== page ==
11 Jun What is high risk?
Photo credit: Kenny Jenkins – kbjenkins.com on Visualhunt
In the years I’ve been time advising clients I’ve come across various investment products and schemes that in their promotional material state a level of investment risk that applies to the ‘investment opportunity’. This is often included as though it were a statement of fact with no evidence or data to back up the claim.
We recently came across some promotional material for an unregulated investment in the medical technology sector that was aiming to attract funds from investors. The company was in its early fund-raising stage, had an agreement in place to supply parts to another manufacturer and was in negotiations with others. I’m not qualified to pass any judgement on the potential for this company to be successful – and it might be an excellent long term investment – but the literature stated that the investment was ‘medium’ risk. The immediate question that came to mind was ‘If this is ‘medium’ risk, what is ‘high’ risk?’.
For us and our clients, an investment in an unregulated start-up business would be deemed high risk, with a good chance of losing all of the money invested. However, this, and it’s not alone – we’ve seen this many times – was being promoted as ‘medium’ risk. This statement wasn’t backed up by any data, comparisons or further explanations, which is where the problem arises.
Any statement about the level of risk of an investment opportunity or product is open to many interpretations by the reader. The authors of these types of material might be making the risk statement based on other start-up investment opportunities. In that case, low risk to them might be a large company with a guaranteed income stream and high risk might be an investment idea with very few other investors and no current avenue to sales.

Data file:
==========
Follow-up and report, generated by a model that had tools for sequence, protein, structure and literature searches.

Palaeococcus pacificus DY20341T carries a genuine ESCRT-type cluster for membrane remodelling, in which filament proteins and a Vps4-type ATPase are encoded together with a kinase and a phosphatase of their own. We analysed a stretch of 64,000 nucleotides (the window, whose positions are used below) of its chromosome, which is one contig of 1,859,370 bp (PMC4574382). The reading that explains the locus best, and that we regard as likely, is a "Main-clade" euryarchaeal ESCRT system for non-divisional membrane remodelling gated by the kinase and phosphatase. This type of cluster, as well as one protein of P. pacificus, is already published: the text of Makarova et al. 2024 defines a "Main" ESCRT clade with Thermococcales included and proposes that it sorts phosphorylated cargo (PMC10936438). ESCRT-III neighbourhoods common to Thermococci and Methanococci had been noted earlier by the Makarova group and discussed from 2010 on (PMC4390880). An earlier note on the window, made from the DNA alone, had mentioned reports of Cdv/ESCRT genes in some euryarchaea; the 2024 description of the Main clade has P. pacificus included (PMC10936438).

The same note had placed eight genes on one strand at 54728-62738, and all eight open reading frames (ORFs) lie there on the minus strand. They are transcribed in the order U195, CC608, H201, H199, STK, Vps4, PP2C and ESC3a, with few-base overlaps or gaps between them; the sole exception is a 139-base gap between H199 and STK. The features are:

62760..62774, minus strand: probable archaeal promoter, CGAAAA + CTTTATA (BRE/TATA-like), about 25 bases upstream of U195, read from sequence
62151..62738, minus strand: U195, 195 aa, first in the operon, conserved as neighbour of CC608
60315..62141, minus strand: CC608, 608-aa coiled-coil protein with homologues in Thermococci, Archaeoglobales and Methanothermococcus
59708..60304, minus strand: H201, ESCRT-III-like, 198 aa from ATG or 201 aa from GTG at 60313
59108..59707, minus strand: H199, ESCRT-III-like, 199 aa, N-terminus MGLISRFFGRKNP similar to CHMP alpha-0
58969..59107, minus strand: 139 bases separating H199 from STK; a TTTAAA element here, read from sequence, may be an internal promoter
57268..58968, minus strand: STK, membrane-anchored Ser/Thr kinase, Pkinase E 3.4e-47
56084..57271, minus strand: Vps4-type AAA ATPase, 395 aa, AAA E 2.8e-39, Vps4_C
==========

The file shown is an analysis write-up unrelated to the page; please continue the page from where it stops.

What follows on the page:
However, the understanding of what the author means by medium risk is in the ‘eye of the beholder’. They might read the ‘medium’ risk statement and think that savings accounts are low risk and equities are high risk and therefore this investment is somewhere between the two. I’m sure that everyone coming across this type of investment would realise that there might be many other risks, but you get my point.
With collective investment funds we now have standardised ‘Key investor information documents’ that include a risk/reward profile. These provide a number out of 7, with lower numbers indicating lower risks and lower potential rewards and higher numbers being the opposite. Under the risk/reward profile, it states additional information. This includes that: the indicator is based on historical data and may not be a reliable indication of the future risk profile of the fund; the risk category shown is not guaranteed and may change over time and the lowest category does not mean ‘risk free’.
This information is limited and still doesn’t really express any details of the potential losses an investor in the fund may experience or its volatility but it does allow an investor to compare this risk/reward profile to other funds.
Statements of investment risk in products with no justification or reasoning for how the rating was derived aren’t helpful, shouldn’t be relied upon and are, one could argue, misleading. There’s often no basis for comparison to other investments or any information on the scale used, i.e. what is low risk and what is high risk.
If an unregulated investment in a start-up business can be described as ‘medium risk’, I would like to see what they think is high risk. Investors beware! Only invest in things where you understand the associated risks and have the emotional tolerance, capacity and need to accept them.
This blog is intended for information purposes only and no action should be taken or refrained from being taken as a consequence without consulting a suitably qualified and regulated person. Your capital is at risk when investing. Past performance is not a reliable indicator of future results.